By this approach, the baseball equivalent of LeBron James is absolute peak Barry Bonds at the plate with, I don’t know, absolute peak Ozzie Smith in the field. And, presumably, this imaginary player is better both at the plate and in the field. And he doesn’t miss a single game. So.
Approach No. 2
- Target: ~42 WAR
Welp. Let’s make this maximally interesting. Sure, I could just keep adding more dingers to the guy above until the numbers match, but let’s go a different route. Four out of every five games, this player is the player featured in Approach No. 1. One out of every five games, this player is a starting pitcher who also hits like the player featured in Approach No. 1.
It’s Micah Owings crossed with God. Taking the previous WAR and multiplying by 80%, we get 18.6. Now we need to find another 23 WAR or so in 20% of the games in a season. This is going to require some breathtaking starting pitching. Let’s start with another foundation. Let’s start with 2013 Clayton Kershaw, who ran an RA9-WAR of just about 9.
Kershaw allowed 55 runs in 236 innings over 33 starts, good for an RA9 of 2.10. It’s time to go crazy. Let’s subtract 30 runs. That’s 30 runs, taken away from 55 runs. You’d think this might be simple, but it’s actually more complicated to convert to WAR, because pitchers play a large role in determining their own run environment, and the run environment determines the runs-to-wins conversion. Running through all the math, this takes us just past 14 WAR. I’m pretty sure I did it right. I’m pretty sure I at least got close.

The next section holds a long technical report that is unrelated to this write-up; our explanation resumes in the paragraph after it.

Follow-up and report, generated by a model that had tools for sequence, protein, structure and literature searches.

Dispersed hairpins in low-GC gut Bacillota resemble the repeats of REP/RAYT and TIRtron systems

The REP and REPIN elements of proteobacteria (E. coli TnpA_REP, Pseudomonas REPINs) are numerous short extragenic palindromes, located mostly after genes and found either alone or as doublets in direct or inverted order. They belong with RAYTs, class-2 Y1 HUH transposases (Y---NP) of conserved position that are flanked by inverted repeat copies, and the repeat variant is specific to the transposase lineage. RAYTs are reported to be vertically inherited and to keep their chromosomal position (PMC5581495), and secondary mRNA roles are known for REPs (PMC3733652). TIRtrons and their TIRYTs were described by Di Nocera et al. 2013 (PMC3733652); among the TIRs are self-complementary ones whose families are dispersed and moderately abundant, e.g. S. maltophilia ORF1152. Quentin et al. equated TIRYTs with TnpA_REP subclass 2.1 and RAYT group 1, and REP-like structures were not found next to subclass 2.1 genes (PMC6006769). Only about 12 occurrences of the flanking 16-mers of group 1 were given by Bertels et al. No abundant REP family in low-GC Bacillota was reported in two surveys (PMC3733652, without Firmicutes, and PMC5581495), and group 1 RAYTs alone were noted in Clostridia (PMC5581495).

Now, last year’s Kershaw averaged just over seven innings per start. Why not boost that up? Especially if he’s averaging under a run allowed per appearance. Let’s put him all the way up to nine innings per start, on average. The guy finishes what he starts. Now we’re looking at almost 19 WAR, and we haven’t even had to introduce some kind of four-man rotation or something.
And wait! This guy plays for a National League team, so this pitcher also hits for himself. And he doesn’t hit in the ninth spot, because he’s the best hitter on the planet, too. He averages over four plate appearances a game, batting like the imaginary player from Approach No. 1, and if you fold this in, it puts us between 23 – 24 WAR. Then you add in the WAR from the remaining four-fifths of the games and you get about 42.1. That’s precisely on target.